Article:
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track tcp connections

Q. How do I track and monitor connection for eth1 public network interface under Redhat Enterprise Linux (RHEL) 5 server?

A.You can use netstat command or tcptrack command. Both command can show established TCP connection and provides the ability to monitor the same.

netstat command

netstat command prints information about the Linux networking subsystem. It also works under UNIX and *BSD oses. It can display network connections, routing tables, interface statistics, masquerade connections, and multicast memberships etc.

netstat command to display established connections

Type the command as follows:
$ netstat -nat
Output:

Active Internet connections (servers and established)
Proto Recv-Q Send-Q Local Address           Foreign Address         State
tcp        0      0 127.0.0.1:2208          0.0.0.0:*               LISTEN
tcp        0      0 0.0.0.0:52459           0.0.0.0:*               LISTEN
tcp        0      0 0.0.0.0:80              0.0.0.0:*               LISTEN
tcp        0      0 0.0.0.0:10000           0.0.0.0:*               LISTEN
tcp        0      0 127.0.0.1:8080          0.0.0.0:*               LISTEN
tcp        0      0 0.0.0.0:1521            0.0.0.0:*               LISTEN
tcp        0      0 0.0.0.0:53              0.0.0.0:*               LISTEN
tcp        0      0 127.0.0.1:631           0.0.0.0:*               LISTEN
tcp        0      0 0.0.0.0:3128            0.0.0.0:*               LISTEN
tcp        0      0 127.0.0.1:25            0.0.0.0:*               LISTEN
tcp        0      0 127.0.0.1:31323         0.0.0.0:*               LISTEN
tcp        0      0 127.0.0.1:2207          0.0.0.0:*               LISTEN
tcp        0      0 192.168.1.100:59917     74.86.48.98:291         ESTABLISHED
tcp        0      0 127.0.0.1:3128          127.0.0.1:49413         TIME_WAIT
tcp        0      0 127.0.1.1:54624         127.0.1.1:1521          ESTABLISHED
tcp        0      0 127.0.1.1:1521          127.0.1.1:54624         ESTABLISHED
tcp        0      0 192.168.1.100:55914     74.125.19.147:80        ESTABLISHED
tcp        0      0 127.0.0.1:3128          127.0.0.1:42471         TIME_WAIT
tcp        0      0 192.168.1.100:56357     74.86.48.98:993         ESTABLISHED
tcp        0      0 192.168.1.100:56350     74.86.48.98:993         ESTABLISHED
tcp6       0      0 :::53                   :::*                    LISTEN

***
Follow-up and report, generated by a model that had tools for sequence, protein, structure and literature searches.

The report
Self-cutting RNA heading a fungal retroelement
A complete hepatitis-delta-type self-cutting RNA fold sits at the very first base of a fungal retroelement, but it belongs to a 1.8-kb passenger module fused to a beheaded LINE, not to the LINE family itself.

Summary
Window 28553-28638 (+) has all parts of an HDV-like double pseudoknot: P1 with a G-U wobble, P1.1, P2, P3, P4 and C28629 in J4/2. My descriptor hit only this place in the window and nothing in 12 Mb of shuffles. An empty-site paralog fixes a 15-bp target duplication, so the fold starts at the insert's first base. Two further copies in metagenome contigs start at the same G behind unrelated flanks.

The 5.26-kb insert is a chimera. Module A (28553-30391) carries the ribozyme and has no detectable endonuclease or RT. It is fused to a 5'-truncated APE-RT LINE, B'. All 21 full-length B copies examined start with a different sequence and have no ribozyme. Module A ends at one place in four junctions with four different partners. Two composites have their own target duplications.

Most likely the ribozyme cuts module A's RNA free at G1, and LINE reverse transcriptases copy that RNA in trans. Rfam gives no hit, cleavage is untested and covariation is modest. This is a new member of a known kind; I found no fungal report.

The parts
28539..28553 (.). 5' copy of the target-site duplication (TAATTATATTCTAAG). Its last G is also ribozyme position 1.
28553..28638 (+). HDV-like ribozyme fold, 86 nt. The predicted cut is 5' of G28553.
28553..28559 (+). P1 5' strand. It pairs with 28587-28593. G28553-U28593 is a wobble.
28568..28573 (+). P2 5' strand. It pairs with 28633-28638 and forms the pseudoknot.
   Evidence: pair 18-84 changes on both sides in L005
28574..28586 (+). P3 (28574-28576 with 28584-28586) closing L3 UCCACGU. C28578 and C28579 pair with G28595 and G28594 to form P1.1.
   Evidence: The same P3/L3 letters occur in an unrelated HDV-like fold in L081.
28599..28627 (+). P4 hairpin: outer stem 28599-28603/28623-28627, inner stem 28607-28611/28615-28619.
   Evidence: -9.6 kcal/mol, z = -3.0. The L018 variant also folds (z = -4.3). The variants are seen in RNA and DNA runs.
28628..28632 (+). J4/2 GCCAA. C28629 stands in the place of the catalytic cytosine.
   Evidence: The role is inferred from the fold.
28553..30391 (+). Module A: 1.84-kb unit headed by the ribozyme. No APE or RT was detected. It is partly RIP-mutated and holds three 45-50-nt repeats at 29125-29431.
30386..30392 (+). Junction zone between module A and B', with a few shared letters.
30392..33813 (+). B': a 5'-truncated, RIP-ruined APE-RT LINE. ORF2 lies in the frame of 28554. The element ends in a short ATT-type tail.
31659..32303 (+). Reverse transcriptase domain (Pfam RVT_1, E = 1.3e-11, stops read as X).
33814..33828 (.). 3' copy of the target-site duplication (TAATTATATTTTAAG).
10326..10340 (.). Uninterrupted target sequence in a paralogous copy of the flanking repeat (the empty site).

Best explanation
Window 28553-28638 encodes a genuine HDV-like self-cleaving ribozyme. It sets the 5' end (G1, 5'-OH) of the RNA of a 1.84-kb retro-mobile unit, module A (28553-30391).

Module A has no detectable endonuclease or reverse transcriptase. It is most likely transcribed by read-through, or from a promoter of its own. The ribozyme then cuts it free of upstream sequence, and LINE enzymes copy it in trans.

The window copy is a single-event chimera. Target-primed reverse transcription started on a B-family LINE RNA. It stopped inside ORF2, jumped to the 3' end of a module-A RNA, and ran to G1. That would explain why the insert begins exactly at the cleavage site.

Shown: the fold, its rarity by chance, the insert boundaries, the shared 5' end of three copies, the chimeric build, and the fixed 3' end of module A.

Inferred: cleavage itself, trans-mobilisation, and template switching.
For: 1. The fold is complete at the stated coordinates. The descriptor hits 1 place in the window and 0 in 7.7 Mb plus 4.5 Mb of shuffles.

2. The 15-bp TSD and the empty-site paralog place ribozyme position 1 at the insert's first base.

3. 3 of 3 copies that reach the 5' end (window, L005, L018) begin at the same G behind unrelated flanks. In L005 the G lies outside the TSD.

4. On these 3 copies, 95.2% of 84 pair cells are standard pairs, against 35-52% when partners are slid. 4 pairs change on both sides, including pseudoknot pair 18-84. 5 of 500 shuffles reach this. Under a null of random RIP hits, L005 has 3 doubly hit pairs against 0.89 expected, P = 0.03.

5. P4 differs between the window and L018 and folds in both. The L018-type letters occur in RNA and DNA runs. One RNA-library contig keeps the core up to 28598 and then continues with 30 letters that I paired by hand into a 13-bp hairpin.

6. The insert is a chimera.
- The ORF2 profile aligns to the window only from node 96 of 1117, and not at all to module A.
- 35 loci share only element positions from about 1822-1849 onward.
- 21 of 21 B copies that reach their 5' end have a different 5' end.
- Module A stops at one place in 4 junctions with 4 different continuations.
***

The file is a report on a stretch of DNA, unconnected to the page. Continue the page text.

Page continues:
tcp6       0      0 :::22                   :::*                    LISTEN 

To display client / server ESTABLISHED connections only:
$ netstat -nat | grep 'ESTABLISHED'

tcptrack command

tcptrack command displays the status of TCP connections that it sees on a given network interface. tcptrack monitors their state and displays information such as state, source/destination addresses and bandwidth usage in a sorted, updated list very much like the top command.

Install tcptrack

Redhat (RHEL) / Fedora / CentOS user, download tcptract here. For example download RHEL 64 bit version:
# cd /tmp/
# wget http://dag.wieers.com/rpm/packages/tcptrack/tcptrack-1.1.5-1.2.el5.rf.x86_64.rpm
# rpm -ivh tcptrack-1.1.5-1.2.el5.rf.x86_64.rpm

Debian / Ubuntu Linux user use apt-get as follows:
$ sudo apt-get install tcptrack

How do I use tcptract to monitor and track TCP connections ?

tcptrack requires only one parameter to run i.e. the name of an interface such as eth0, eth1 etc. Use the -i flag followed by an interface name that you want tcptrack to monitor.
# tcptrack -i eth0
# tcptrack -i eth1

Redhat Enterprise Linux 5 / CentOS 5 monitor and track TCP connections on the network (eth0)
(tcptrack in action)

You can just monitor TCP port 25 (SMTP)
# tcptrack -i eth0 port 25

The next example will only show web traffic monitoring on port 80:
# tcptrack -i eth1 port 80

tcptrack can also take a pcap filter expression as an argument. The format of this filter expression is the same as that of tcpdump and other libpcap-based sniffers. The following example will only show connections from host 76.11.22.12:
# tcptrack -i eth0 src or dst 76.11.22.12

For further option please refer to man page of netstat and tcptrack command.